Today marks the 16th anniversary of the debut of the first iPod, which was introduced by Apple on October 23, 2001. Then Apple CEO Steve Jobs stood on stage at the Apple Town Hall in Cupertino and showed off a device that could fit in a pocket but hold an entire music library.
The first-generation iPod, which Apple advertised with the tagline "1,000 songs in your pocket," was a rectangle-shaped device with a 5GB 1.8-inch hard drive capable of holding 1,000 songs.
It featured a black and white LCD and the first click wheel, a mechanical scrolling interface that let users quickly and conveniently scroll through long lists of music. The click wheel also included easy access buttons for playing, pausing, rewinding, and fast forwarding through music content. The first iPod's battery lasted for up to 10 hours before needing to be recharged, and the device was priced at $399.
When Steve Jobs introduced the iPod, he called it a quantum leap forward and outlined three major breakthroughs: ultra-portability, Apple's legendary ease of use, and auto-sync with iTunes.
iPod is an MP3 music player, has CD quality music, and it plays all of the popular formats of open music. The biggest thing about iPod is that it holds a thousand songs. Now this is a quantum leap because for most people, it's their entire music library. This is huge. How many times have you gone on the road with a CD player and said 'Oh God, I didn't bring the CD I wanted to listen to.' To have your whole music library with you at all times is a quantum leap in listening to music. The coolest thing about iPod is that your whole music library fits right in your pocket. Never before possible.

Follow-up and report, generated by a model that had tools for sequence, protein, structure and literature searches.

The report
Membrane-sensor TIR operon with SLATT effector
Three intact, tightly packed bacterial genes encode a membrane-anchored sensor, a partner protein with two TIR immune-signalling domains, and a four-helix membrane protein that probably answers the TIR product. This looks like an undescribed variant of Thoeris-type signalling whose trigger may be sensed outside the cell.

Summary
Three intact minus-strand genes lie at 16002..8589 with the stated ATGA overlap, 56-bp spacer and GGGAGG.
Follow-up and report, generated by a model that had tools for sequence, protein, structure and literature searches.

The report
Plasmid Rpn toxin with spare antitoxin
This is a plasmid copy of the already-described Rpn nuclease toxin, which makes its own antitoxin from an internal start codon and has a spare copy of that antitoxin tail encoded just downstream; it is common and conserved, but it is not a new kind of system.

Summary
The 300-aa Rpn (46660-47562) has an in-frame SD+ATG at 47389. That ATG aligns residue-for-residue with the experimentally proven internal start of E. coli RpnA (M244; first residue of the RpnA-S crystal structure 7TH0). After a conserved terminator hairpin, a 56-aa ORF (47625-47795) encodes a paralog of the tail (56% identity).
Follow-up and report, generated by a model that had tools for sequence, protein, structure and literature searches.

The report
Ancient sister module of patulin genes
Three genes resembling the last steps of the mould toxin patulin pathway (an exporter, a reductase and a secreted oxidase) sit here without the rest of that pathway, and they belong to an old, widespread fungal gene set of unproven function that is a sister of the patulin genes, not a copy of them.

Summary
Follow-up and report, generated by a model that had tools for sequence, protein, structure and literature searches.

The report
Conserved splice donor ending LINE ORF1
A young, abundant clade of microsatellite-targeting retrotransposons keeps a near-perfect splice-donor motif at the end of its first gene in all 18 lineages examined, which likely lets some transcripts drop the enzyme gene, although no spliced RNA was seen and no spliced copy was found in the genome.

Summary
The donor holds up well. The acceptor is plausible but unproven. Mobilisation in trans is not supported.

New versions of the iPod were released on a yearly basis following the launch of the original device, and other notable launches included the iPod Photo in 2004, which had the first color display, the smaller iPod mini in 2004, the tiny iPod nano in 2005, the even smaller iPod Shuffle, also in 2005, and the first iPod touch, which came out in 2007 following the launch of the iPhone.
An early version of the iPod Nano
Today, the iPhone, unveiled six years after the iPod, has largely replaced Apple's original music device. The iPhone does everything the iPod did and more, and has served as an iPod replacement since its debut.
Over the course of the last 16 years, Apple has stayed at the forefront of music technology with the debut of Apple Music, a streaming music service that now has more than 30 millionpaid subscribers.
Apple retired the iPod nano and the iPod shuffle in July of 2017, and now the iPod touch is the sole remaining iPod the company has for sale. The iPod touch was last updated in July of 2015 and it is not clear if the product will see additional updates in the future.
The iPod touch is available in 32GB and 128GB capacities for $199 and $299, respectively.